In oral arguments before the court last November, Washington Attorney General Bob Ferguson insisted that the case is all about public accommodations: “There is a difference, your Honors, between the freedom to believe and a freedom to act. Mrs. Stutzman, for her religious expression, is free to believe what she wishes. But when she engages in public accommodations, and avails herself of the protections and benefits that come with being a business, there are, of course, responsibilities that flow from that.”

Michael Scott, attorney for Ingersoll and Freed, claimed that the state law “does not burden the practice of Mrs. Stutzman’s religion. She is free to worship and pray and believe as she feels. But she is not free to engage in conduct that harms others.”

Those comments echo the now-familiar pattern of progressives who want to redefine religious liberty as “freedom of worship.” It’s as if they are saying to Christians, “You’re free to believe your (foolish, backward, bigoted) religious tenets, but you aren’t free to act accordingly.”

But actual religious liberty means the freedom to live according to your beliefs, not just to espouse them during a worship service.

Attorney David French, a staff writer for National Review, objected to the claim that Stutzman’s conduct harmed anyone. “The gay couple in this case had no trouble finding flowers,” French wrote. “Stutzman even recommended other florists who would have been happy to help them celebrate their wedding. So, given the absence of any real harm, the court said that the state had a compelling state interest in punishing the ‘independent social evil’ of discrimination toward a ‘broader societal purpose: eradicating barriers to equal treatment of all citizens in the commercial marketplace.’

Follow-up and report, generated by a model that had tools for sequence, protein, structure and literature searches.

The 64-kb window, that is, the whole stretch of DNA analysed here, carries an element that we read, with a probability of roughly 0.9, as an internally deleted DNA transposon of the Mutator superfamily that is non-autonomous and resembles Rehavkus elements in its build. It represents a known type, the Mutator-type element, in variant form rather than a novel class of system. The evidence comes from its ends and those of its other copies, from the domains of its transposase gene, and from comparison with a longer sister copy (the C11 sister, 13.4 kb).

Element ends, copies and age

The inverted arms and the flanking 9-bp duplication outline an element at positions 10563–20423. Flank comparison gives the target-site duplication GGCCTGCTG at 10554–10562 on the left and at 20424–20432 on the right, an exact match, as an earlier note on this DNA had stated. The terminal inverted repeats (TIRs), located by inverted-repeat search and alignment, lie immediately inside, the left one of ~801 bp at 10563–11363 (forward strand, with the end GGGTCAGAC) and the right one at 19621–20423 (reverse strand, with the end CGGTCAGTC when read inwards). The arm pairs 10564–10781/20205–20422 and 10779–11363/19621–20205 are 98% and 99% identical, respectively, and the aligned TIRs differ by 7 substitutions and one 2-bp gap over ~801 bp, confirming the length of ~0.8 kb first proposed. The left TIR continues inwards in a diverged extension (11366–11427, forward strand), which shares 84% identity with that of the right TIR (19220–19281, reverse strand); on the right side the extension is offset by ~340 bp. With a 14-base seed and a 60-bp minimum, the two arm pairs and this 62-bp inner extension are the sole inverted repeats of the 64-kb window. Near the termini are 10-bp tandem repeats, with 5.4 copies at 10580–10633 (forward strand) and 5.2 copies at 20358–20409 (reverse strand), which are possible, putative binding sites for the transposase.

“That’s it right there: the state religion. It reserves for itself the exclusive ability to name, define and eradicate ‘social evils,’ and Heaven help the individual citizen who disagrees.”


While some Christian leaders have spoken out boldly in defense of Stutzman and others who have been punished for living out their faith, many pastors and leaders have shied away from taking a stand, perhaps for fear of being labeled a bigot or a hater. Following the Washington court ruling, radio host, author and theologian Michael Brown took such leaders to task: “There is only one thing more appalling than the Washington Supreme Court’s 9-0 ruling against religious liberty today,” Brown said. “It is the silence of Christian leaders across America, leaders who choose convenience over confrontation, leaders who would rather be popular than prophetic, leaders who prefer the favor of people over the favor of God. Shame on these silent leaders.”

The next step for Barronelle Stutzman will be to ask the United States Supreme Court to reverse the Washington court’s ruling, according to Waggoner, the ADF attorney.

“No one should be forced to surrender their constitutional rights because they enter the marketplace,” Waggoner said. “Tolerance is, and needs to remain, a two-way street.”